Flamenco Rhythms

The Immortal Carmen Amaya

This blog charts the road to a book I have in the making, Flamenco Rhythms: People, Place, Performance. It will disclose the rough underbelly of a research project as it evolves, with all its lows and highs. I don’t mean to divest myself here of the many moments of uncertainty that plague a researcher, nor do I plan to lay out the inevitable angst of a writer. Instead, what I hope to do is to record and share the glimpses and insights into flamenco as lived practice in a variety of forums and contexts.

Not many books have been written about flamenco in English. Those that exist have largely been written by anthropologists, such as William Washabaugh and Timothy Mitchell, whose wonderfulFlamenco: Deep Song (1994) is a landmark work. I think all flamenco aficionados should read this book, if only to engage with the history of flamenco and also to revel in the wonderfully innovatory dynamic that it uncovers in flamenco. Of course, there are many more books in Spanish, especially by Gerhard Steingress and many others. Few, though, approach it from a perspective of cultural studies, through filters of interdisciplinarity. This is more or less the aim of my book: to place flamenco at the forefront of cultural reinvention, and so to trace the routes it forges through economic, political, ideological and even mythological fields.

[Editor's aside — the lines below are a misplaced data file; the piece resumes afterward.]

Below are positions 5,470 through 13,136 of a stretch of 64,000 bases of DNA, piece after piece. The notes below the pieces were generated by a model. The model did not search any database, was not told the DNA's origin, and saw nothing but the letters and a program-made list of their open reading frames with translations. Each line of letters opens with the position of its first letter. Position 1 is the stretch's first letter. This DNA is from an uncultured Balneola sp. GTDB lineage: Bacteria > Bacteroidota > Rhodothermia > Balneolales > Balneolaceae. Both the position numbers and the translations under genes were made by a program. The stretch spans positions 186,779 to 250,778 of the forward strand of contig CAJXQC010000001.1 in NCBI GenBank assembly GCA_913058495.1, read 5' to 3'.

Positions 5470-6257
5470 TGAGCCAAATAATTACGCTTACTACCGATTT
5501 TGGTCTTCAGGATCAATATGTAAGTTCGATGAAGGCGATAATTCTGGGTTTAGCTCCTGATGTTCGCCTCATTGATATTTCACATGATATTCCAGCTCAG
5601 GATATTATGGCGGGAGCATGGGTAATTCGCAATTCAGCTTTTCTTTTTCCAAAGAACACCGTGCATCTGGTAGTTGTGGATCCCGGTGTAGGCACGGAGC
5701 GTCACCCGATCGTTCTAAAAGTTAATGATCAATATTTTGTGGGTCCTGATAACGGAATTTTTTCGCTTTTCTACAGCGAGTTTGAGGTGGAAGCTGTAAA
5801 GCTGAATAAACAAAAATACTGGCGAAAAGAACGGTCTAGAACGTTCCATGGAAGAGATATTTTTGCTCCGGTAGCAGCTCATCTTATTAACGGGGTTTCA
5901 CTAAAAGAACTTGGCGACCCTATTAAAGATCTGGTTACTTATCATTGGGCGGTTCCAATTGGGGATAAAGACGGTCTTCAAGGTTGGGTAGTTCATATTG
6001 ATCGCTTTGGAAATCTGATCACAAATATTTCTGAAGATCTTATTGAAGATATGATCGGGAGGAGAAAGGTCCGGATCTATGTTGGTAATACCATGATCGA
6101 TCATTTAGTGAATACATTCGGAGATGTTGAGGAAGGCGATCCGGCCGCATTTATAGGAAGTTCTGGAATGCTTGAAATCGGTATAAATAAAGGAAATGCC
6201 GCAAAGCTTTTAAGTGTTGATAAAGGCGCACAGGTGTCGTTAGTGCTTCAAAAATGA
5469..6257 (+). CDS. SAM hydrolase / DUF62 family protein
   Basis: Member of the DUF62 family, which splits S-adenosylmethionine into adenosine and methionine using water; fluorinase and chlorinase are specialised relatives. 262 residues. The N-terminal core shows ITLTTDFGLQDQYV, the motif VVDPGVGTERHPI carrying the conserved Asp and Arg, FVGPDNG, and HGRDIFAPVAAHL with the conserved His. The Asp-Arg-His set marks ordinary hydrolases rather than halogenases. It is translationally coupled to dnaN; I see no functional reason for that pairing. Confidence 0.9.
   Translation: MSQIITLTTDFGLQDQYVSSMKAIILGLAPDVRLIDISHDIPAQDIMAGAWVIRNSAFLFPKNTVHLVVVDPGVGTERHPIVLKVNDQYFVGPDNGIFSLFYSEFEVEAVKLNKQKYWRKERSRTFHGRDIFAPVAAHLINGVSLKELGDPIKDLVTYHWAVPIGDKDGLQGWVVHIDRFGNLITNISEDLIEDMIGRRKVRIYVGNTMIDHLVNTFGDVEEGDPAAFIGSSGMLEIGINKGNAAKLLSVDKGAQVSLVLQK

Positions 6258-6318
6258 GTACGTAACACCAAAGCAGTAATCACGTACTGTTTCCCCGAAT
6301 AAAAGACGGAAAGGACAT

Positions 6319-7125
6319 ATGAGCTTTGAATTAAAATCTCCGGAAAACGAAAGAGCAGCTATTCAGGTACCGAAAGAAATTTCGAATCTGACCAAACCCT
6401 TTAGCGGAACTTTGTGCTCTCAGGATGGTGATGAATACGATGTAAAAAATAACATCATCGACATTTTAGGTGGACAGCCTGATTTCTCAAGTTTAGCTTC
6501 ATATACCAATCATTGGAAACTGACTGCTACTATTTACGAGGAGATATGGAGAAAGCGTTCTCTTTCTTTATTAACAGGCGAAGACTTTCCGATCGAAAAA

The great thing about researching a topic that is in the here and now, changing as we attempt to fix it, is that there is a lot to do and see, to take note of. I’ll be taking my notes of flamenco here on this blog.

November 12, 2009 Post Under General - Read More

Comments are closed.